Delta Farms, Inc., Southland Gin, Inc., Craighead Electric Cooperative Corp., and Today’s Power, Inc. partner to build 2 MW of dual technology solar with on-site battery storage
Southland Gin, Delta Farms, Craighead Electric Cooperative and Today’s Power, Inc. (TPI) are partnering to develop the first farm energy project pairing two different solar technologies plus battery storage in Arkansas. The project will provide clean energy for the two facilities, which will result in energy and operations savings for over 20 years.
The entire project, made up of three separate systems, will operate on 14.59 acres of land in Jonesboro, Arkansas.
The plans for this project started when Delta Farms reached out to TPI requesting an analysis to determine if solar was right for them. TPI staff presented the analysis to Delta Farm owners, and the next week Southland Gin requested a similar analysis of their bills.
The result was cost savings for both entities and a unique design that provides benefits to all parties. Craighead Electric saw this opportunity to help one cooperative member meet its goal while achieving the goals of providing the lowest cost power to all Craighead Electric members.
“Our mission with solar has been to make a profitable and reliable investment”, said Len B. Nall with Delta Farms, Inc., “all the while reducing our carbon footprint and environmental impact.”
“To achieve a project of this size, great vision, leadership and teamwork are required.” said Michael Henderson, President of TPI. “Special recognition needs to be given to these leaders specifically Len Nall, Gregg Garner and Ted Qualls as well as Brian Duncan, CEO of Craighead Electric Cooperative,” he added.
Unlike any other project in the state, this project is to include two types of solar technology and on-site battery storage. The capacity of the entire system at both locations totals 2 megawatts of solar power generation and 6 megawatt-hours of battery storage.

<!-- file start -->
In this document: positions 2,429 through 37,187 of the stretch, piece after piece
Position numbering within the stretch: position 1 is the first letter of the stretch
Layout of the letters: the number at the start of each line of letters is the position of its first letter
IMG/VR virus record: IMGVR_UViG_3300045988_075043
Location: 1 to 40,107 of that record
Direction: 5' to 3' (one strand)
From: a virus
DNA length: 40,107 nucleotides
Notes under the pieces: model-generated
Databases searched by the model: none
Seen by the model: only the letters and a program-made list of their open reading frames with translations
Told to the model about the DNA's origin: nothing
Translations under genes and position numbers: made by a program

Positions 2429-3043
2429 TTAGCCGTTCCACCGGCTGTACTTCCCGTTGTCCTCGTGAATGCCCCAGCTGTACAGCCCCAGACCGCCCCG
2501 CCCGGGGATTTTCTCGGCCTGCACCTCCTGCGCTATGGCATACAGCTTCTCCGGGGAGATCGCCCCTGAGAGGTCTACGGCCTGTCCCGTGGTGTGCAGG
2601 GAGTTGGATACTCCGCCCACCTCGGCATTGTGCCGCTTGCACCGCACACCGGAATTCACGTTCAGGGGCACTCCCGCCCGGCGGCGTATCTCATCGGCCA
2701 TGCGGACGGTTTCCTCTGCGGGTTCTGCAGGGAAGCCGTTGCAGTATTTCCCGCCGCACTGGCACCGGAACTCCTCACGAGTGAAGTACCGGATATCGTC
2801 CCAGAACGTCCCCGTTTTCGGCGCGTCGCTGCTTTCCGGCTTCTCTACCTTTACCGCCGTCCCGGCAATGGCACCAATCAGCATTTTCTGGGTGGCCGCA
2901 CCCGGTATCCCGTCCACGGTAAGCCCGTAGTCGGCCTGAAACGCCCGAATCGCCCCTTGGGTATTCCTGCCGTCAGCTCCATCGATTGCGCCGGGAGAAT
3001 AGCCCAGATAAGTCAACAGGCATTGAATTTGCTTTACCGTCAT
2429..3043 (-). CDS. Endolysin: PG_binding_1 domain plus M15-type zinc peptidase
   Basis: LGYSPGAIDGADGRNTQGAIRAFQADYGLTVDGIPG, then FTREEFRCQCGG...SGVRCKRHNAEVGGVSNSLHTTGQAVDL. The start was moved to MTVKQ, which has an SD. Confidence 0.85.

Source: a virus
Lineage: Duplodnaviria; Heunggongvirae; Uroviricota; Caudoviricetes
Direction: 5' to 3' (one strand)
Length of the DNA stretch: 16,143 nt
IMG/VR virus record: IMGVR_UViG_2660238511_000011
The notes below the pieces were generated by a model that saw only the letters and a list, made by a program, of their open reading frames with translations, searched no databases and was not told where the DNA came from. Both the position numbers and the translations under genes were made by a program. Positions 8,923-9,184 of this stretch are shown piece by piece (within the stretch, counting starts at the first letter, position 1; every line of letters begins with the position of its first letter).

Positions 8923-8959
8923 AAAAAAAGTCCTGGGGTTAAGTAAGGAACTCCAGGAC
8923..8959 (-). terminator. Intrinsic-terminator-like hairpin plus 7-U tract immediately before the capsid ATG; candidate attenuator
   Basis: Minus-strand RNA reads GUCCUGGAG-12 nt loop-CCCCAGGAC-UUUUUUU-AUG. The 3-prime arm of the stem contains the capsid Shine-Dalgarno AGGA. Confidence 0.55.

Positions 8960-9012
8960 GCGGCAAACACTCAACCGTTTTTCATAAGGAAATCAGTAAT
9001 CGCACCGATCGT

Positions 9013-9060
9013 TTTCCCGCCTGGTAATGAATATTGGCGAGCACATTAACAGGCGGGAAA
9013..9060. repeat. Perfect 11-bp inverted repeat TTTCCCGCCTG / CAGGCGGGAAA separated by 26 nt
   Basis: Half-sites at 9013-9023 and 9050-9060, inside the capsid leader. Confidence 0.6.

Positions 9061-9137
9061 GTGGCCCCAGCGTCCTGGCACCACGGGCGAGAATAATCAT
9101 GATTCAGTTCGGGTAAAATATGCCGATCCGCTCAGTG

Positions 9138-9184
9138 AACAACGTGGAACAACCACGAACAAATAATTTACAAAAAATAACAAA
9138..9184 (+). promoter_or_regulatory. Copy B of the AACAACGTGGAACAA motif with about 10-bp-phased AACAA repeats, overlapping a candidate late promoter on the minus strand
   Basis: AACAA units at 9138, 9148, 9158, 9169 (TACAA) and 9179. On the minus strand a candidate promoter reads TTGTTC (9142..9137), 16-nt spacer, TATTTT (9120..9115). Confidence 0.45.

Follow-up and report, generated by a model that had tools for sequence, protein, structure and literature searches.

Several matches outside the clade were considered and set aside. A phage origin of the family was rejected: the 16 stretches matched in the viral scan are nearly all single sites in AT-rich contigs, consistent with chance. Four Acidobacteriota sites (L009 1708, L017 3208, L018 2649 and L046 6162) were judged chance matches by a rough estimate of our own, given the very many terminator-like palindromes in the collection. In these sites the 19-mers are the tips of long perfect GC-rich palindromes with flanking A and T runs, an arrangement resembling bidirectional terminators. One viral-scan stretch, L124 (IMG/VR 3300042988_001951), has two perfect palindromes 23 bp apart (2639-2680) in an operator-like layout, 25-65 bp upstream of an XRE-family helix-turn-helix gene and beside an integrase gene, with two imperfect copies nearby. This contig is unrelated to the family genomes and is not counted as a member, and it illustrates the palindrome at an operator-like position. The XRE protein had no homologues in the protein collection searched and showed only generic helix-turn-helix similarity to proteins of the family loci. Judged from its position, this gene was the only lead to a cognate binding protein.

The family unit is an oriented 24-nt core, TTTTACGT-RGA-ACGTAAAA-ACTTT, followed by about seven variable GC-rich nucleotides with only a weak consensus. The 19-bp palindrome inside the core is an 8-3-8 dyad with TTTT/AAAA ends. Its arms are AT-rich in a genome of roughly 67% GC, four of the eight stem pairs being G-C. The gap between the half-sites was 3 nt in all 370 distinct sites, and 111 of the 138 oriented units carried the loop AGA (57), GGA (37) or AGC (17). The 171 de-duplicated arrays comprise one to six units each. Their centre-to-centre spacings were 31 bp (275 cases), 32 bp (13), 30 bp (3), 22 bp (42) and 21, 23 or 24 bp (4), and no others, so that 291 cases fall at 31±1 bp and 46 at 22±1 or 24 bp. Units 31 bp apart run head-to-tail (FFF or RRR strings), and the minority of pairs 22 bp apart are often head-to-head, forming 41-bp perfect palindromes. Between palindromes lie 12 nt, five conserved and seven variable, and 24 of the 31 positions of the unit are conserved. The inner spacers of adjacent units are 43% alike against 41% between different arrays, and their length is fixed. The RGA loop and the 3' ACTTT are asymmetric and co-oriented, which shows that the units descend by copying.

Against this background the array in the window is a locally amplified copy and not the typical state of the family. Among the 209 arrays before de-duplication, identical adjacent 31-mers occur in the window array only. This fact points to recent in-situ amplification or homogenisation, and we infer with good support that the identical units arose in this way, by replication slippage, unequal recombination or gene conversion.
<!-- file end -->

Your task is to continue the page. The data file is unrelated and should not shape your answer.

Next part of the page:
Delta Farms will purchase, and own the 1.2 megawatt fixed-tilt system, while TPI will own the single-axis tracking solar and battery energy storage systems and will operate both systems. The output of the 882-kilowatt tracking system will be leased to Southland Gin from TPI, which was made possible through Act 464, passed this year by the Arkansas General Assembly. When electricity generated by the arrays exceeds demand, the electricity will be net metered to the Craighead Electric system or saved in on-site battery storage systems. The batteries will enable Craighead Electric to draw electricity stored in the batteries during peak use periods instead of having to purchase electricity to meet demand.
“It’s exciting to see a project like this that benefits all members of Craighead Electric. The idea of storing power to use whenever you need it is an industry changing technology,” says Brian Duncan, CEO of Craighead Electric. “At Craighead Electric Cooperative, we work together to enhance our members’ value, whether it be through renewable power resources or high-speed broadband internet. This initiative is an example of how utilities and major energy users, through creativity and partnership, are meeting the needs of the future.”
Civil construction started in late November. System construction will begin in December, with commissioning to begin in February.
The project is expected to be completed in March of 2020. Operations will begin shortly thereafter.